Given that much of the antigenic surface of gp120 is mannosylated (Fig. 2), we might expect gp120 to be readily neutralized by the mannose-specific lectins of the innate immune system — notably, mannose-binding lectin (MBL). However, although MBL interacts with gp120 in vitro, and has been shown to neutralize laboratory-adapted strains of HIV, it only weakly neutralizes primary isolates24,25. Indeed, rather than serving as a target for the innate immune system, it seems that HIV uses host lectins for survival. For example, the oligomannose carbohydrates of gp120 bind to C-type lectins such as the mannose receptor, langerin and DC-SIGN (dendritic-cell-specific intercellular adhesion molecule-3-grabbing non-integrin)26,27. These lectins are expressed on dendritic cell subsets, including those located in (sub)mucosal tissue. It has been proposed that DC-SIGN+ cells (and perhaps other C-type lectin-expressing cells such as macrophages28) sequester HIV-1 particles by means of a non-infectious pathway, and subsequently present the virus to T cells across an immunological synapse. This is known as trans infection. However, the biological significance of trans infection is controversial, with recent evidence indicating that direct cis infection of dendritic-cell subsets accounts for long-term transfer of the virus to T cells29. This is consistent with evidence indicating that the productive infection of dendritic cells by HIV-1 is dependent on, or at least significantly enhanced by, the presence of DC-SIGN30. Other lectins are also present on these cells and DC-SIGN-independent transmission of HIV from dendritic cells to T cells has been documented28,31. Nonetheless, DC-SIGN/lectin-mediated early infection, whether cis or trans, represents an attractive target for antimicrobial intervention (as discussed below).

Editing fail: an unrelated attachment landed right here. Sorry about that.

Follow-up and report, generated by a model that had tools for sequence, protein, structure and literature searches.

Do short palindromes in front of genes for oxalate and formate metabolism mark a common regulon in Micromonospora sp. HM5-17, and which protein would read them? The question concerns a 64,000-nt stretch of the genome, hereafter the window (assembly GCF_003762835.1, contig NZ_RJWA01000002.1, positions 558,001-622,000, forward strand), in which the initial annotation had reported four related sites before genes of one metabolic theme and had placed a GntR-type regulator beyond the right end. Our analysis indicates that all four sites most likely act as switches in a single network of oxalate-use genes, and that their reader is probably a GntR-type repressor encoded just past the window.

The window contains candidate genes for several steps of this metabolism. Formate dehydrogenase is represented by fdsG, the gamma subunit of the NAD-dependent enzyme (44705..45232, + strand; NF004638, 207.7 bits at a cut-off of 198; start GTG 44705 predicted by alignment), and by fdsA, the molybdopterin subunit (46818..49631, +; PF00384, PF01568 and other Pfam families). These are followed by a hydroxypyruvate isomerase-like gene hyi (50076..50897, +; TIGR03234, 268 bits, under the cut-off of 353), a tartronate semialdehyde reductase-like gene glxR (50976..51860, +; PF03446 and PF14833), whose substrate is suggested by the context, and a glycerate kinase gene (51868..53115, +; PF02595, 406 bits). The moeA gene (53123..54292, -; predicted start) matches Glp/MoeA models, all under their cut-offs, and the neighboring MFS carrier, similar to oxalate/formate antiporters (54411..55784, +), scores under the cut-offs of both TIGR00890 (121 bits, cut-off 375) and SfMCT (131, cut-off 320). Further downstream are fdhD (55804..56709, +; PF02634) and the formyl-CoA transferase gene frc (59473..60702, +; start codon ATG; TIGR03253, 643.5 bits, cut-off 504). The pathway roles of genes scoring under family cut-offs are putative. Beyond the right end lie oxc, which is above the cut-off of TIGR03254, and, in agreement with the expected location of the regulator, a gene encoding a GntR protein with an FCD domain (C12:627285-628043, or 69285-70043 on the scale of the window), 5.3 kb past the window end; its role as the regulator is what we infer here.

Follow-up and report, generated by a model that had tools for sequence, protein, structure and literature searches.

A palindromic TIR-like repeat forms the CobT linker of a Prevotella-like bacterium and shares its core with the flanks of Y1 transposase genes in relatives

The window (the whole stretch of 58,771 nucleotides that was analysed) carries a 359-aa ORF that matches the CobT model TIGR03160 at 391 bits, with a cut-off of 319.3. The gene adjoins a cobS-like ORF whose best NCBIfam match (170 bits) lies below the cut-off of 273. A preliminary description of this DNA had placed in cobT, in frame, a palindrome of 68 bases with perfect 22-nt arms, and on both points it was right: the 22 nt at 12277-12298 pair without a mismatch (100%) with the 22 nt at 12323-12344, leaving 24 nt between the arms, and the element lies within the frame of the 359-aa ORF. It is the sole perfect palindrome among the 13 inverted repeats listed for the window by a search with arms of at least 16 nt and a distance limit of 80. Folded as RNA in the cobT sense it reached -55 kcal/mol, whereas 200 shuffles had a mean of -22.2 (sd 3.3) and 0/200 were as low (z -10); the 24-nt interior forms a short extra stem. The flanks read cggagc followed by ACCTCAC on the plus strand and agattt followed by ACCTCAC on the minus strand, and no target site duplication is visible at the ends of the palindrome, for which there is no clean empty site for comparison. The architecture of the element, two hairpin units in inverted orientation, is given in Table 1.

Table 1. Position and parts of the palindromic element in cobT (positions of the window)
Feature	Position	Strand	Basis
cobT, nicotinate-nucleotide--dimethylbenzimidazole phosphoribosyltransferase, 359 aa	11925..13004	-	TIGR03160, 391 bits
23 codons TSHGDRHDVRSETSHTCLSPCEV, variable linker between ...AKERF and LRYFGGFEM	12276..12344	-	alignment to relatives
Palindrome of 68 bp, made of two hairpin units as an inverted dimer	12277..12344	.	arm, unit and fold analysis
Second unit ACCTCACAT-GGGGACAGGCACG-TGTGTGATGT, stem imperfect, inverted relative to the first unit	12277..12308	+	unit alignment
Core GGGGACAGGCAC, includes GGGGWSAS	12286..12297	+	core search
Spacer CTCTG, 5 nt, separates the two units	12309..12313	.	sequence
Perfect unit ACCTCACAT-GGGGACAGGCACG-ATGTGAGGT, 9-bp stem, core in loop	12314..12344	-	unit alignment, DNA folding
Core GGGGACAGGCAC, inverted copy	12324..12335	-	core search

Immune tolerance

The antigenic surfaces of viruses, prokaryotes and eukaryotes are covered by 'shields' of polysaccharides or glycoconjugates such as glycolipids and glycoproteins. Much, if not all, of this carbohydrate diversity is a product of antigenic selection or co-evolution32,33. Thus the humoral immune system is highly effective at discriminating self from non-self carbohydrates, as has been revealed by microarray analysis of human serum specificities34. Classical examples of immunological discrimination of carbohydrates include the rejection of xeno-tissues expressing α-galactose epitopes or heterologous blood-group antigens (the A, B and H antigens differ only in terms of the identity of the non-reducing terminal monosaccharide).

However, in the case of viruses such as HIV, the relationship between host and pathogen is subverted by the fact that the carbohydrates on the pathogen are themselves synthesized by the host; it might seem inevitable that B-cell self tolerance will limit the scale of the anticarbohydrate response. An interesting exception may be the primary virions that establish the initial infection. These are glycosylated by the donor host and may carry non-self antigens. Indeed, HIV-1 from an AA or AO donor is susceptible to antibody-mediated, complement-dependent neutralization by BB, BO or OO host antibodies and vice versa35. It is thought that transmission of viruses is decreased between individuals (or species) with heterologous blood groups35,36. A strategy augmenting this naturally occurring phenomenon could potentially contribute to herd immunity against HIV.